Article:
We want to capture something

Dramatic pictures show brawling lions in a vicious fight to the death because one horny lion got interrupted during a steamy morning romp
Most people aren’t hankering after actual silence – that is, the complete absence of sound – but something a little more complex and subtle. We want to capture something of the essence. If we interpret silence like this, then it can be found in such places as the dead of night, the solemnity of a place of worship, the middle of a cornfield or at the end of a speech before the applause.
Silence embodies a much richer place in our imagination than simply the absence of sound. It suggests something wholesome and special – reverential, sacred even; a special place of stillness, calm and peace. That’s if we’re expecting it. If we’re not, sudden silence can be the opposite – strange and uncomfortable. These random silences can creep into our everyday world and take on a deeper resonance, and the way we relate to them will often tell us something about ourselves.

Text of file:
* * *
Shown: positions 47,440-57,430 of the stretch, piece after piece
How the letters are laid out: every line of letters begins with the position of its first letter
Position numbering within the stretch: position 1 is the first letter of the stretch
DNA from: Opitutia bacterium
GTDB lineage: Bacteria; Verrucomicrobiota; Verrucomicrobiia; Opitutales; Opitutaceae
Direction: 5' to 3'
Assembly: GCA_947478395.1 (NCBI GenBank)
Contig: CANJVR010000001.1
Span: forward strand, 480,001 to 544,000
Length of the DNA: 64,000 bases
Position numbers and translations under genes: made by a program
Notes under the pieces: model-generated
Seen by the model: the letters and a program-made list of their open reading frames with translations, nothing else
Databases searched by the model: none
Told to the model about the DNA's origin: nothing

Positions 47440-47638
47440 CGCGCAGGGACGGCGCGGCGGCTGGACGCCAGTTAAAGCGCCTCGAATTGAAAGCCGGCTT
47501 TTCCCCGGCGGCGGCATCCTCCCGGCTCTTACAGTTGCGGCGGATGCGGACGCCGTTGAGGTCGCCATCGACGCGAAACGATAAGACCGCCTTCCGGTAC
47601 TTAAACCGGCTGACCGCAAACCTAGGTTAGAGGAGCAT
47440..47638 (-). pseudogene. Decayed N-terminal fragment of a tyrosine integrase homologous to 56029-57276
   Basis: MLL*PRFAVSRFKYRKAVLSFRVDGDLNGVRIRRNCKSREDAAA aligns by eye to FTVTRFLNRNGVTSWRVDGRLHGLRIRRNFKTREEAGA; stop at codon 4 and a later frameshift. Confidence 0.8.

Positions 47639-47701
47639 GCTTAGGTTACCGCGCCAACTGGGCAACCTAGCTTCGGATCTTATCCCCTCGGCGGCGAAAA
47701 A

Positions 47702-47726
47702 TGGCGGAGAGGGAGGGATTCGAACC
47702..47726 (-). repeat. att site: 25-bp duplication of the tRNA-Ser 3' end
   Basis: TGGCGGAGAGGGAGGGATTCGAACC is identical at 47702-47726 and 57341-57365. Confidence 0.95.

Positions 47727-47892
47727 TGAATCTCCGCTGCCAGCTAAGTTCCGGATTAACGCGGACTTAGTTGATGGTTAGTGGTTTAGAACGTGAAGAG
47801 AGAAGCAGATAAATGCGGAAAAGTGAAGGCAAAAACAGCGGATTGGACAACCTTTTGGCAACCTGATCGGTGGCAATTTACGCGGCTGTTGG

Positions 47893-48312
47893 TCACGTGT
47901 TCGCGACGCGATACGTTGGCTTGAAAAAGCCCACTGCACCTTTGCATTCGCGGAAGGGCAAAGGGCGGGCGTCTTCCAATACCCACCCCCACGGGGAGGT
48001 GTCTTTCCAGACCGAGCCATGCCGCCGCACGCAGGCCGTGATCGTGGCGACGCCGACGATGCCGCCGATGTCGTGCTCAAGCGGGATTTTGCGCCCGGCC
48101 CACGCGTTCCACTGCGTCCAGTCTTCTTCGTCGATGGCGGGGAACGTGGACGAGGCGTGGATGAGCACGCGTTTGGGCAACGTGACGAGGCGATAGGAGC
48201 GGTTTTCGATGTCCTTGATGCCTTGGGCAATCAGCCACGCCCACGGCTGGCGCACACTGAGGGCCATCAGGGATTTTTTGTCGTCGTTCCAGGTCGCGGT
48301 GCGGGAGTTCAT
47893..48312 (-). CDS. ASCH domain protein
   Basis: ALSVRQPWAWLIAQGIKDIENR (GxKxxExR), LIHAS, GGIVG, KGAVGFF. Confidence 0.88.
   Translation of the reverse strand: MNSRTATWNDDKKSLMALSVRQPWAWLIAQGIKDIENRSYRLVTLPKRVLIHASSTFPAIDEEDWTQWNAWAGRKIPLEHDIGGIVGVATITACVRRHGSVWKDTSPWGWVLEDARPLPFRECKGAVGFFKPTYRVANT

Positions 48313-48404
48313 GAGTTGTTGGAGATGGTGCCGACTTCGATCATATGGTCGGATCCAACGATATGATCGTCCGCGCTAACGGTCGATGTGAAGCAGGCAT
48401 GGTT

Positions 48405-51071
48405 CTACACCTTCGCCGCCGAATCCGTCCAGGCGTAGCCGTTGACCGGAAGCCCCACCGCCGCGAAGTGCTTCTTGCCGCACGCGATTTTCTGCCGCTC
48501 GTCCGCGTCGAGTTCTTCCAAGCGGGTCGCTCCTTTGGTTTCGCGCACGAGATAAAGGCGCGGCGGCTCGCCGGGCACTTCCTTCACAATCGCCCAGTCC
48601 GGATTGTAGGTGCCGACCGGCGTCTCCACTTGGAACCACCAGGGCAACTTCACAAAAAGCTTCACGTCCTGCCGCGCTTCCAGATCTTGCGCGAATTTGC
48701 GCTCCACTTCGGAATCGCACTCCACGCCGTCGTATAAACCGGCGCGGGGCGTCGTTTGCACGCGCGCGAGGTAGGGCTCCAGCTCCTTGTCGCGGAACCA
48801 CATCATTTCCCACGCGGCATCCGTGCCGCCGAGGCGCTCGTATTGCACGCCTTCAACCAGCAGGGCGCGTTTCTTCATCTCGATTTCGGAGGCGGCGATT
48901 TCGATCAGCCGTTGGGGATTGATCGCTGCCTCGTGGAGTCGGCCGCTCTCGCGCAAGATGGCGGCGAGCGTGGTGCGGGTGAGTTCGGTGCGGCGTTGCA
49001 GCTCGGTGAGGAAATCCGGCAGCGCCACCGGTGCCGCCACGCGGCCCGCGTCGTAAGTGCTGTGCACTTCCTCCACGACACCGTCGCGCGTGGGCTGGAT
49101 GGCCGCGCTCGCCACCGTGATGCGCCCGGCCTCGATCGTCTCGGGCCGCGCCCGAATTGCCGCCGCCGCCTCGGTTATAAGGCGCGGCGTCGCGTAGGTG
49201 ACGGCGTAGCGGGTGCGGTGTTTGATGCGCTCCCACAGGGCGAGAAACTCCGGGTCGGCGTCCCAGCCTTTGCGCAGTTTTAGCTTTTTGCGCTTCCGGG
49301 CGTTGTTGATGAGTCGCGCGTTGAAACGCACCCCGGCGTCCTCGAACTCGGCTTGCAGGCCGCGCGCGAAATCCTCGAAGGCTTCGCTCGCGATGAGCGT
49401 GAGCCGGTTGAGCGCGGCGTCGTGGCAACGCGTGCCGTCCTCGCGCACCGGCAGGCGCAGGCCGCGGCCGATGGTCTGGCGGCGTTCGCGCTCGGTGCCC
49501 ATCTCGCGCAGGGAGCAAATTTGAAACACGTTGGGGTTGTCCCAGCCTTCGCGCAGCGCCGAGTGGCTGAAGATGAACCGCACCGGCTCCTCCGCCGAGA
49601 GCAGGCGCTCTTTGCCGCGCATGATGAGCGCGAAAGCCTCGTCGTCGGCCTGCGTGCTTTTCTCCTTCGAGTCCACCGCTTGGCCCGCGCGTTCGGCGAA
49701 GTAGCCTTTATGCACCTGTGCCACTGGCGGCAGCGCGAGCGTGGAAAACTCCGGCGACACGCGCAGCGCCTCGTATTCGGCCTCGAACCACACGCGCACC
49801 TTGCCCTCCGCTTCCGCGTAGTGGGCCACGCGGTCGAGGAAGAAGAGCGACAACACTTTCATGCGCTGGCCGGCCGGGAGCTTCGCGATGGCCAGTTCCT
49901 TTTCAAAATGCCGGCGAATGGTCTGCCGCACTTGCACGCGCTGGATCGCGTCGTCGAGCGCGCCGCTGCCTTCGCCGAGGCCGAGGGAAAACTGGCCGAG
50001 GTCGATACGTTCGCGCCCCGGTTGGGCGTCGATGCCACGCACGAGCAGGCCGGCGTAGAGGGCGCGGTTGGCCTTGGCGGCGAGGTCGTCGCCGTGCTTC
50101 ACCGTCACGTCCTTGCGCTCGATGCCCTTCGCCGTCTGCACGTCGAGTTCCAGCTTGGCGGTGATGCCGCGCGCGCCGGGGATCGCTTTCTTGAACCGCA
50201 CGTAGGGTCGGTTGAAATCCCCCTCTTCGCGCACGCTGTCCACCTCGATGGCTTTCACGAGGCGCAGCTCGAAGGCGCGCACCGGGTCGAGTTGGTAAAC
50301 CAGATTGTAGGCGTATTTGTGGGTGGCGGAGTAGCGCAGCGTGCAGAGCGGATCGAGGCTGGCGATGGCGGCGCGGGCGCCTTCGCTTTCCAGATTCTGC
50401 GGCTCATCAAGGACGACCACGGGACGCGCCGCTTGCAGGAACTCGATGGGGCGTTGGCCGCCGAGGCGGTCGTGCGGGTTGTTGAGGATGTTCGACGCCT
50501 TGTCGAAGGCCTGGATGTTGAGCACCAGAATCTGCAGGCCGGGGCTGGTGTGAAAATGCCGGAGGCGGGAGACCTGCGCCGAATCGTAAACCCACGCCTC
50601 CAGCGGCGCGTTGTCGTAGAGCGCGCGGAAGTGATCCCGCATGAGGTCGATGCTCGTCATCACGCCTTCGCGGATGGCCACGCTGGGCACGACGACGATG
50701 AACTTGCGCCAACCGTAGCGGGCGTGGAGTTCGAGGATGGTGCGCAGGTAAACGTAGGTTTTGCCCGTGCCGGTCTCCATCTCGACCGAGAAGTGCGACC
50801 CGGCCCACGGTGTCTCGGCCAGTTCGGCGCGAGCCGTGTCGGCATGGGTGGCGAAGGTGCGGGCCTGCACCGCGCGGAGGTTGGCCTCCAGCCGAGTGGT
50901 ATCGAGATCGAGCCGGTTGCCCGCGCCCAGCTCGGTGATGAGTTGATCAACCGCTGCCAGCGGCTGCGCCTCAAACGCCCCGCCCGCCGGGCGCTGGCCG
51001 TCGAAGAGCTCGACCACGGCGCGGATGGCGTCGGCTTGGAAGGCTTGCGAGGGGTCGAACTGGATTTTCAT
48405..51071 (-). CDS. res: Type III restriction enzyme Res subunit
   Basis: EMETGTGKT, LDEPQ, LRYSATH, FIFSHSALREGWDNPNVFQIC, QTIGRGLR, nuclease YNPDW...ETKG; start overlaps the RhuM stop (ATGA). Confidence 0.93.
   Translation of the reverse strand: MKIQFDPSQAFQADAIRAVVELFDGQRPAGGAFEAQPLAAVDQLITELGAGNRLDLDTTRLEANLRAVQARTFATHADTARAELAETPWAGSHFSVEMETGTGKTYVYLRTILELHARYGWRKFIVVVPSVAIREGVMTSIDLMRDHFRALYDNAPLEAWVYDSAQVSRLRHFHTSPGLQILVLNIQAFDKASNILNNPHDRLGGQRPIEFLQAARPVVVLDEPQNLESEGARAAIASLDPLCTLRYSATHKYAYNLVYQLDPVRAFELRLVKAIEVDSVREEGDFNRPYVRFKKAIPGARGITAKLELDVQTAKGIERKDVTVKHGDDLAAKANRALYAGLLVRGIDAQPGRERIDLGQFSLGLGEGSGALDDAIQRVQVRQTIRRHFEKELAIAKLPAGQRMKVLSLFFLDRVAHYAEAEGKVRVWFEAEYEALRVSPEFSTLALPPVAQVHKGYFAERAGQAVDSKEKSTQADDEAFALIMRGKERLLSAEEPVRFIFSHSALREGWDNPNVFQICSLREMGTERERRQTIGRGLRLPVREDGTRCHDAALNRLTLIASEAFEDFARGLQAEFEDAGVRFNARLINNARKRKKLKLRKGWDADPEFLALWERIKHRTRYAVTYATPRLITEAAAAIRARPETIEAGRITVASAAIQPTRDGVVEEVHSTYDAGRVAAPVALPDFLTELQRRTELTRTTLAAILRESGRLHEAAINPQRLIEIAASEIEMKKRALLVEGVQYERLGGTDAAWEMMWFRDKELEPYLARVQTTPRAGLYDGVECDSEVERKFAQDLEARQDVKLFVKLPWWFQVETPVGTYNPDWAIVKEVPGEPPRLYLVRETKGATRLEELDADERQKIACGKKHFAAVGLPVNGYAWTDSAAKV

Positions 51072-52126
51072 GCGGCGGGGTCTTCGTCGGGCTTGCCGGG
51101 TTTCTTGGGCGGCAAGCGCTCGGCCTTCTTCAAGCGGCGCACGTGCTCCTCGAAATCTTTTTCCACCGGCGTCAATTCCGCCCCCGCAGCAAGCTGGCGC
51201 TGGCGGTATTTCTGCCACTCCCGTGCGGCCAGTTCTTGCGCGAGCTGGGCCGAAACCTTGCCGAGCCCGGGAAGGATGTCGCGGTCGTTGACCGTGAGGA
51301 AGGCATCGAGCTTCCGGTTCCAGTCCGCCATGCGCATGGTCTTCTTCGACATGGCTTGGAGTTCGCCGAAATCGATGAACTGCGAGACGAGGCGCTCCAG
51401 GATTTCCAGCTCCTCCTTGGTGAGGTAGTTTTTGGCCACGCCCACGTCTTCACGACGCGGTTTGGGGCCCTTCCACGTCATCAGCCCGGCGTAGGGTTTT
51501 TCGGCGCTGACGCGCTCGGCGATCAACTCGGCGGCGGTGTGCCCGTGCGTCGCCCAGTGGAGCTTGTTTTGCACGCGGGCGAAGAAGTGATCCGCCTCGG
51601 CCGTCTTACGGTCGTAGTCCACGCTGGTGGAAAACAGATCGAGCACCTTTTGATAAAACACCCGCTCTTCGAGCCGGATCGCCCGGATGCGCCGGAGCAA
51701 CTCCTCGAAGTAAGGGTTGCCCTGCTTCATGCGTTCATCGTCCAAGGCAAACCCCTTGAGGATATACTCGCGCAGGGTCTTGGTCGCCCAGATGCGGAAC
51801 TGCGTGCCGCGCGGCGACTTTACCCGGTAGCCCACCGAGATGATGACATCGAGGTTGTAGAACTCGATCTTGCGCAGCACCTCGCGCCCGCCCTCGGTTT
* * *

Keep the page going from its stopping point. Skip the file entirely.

Unplanned silences in live performances can be even more uncomfortable. At a recent concert the audience sat in its seats waiting for the music to start – the seconds passed. The silence became palpable. Was there some problem? A creak as an audience member sat back in their chair. What was the conductor waiting for? This slightly prolonged silence had the effect of heightening the tension, so that everyone’s ears were straining for that first chord. Perhaps this was the intention of the conductor, or he might just have been listening for the perfect silence in which to start the piece.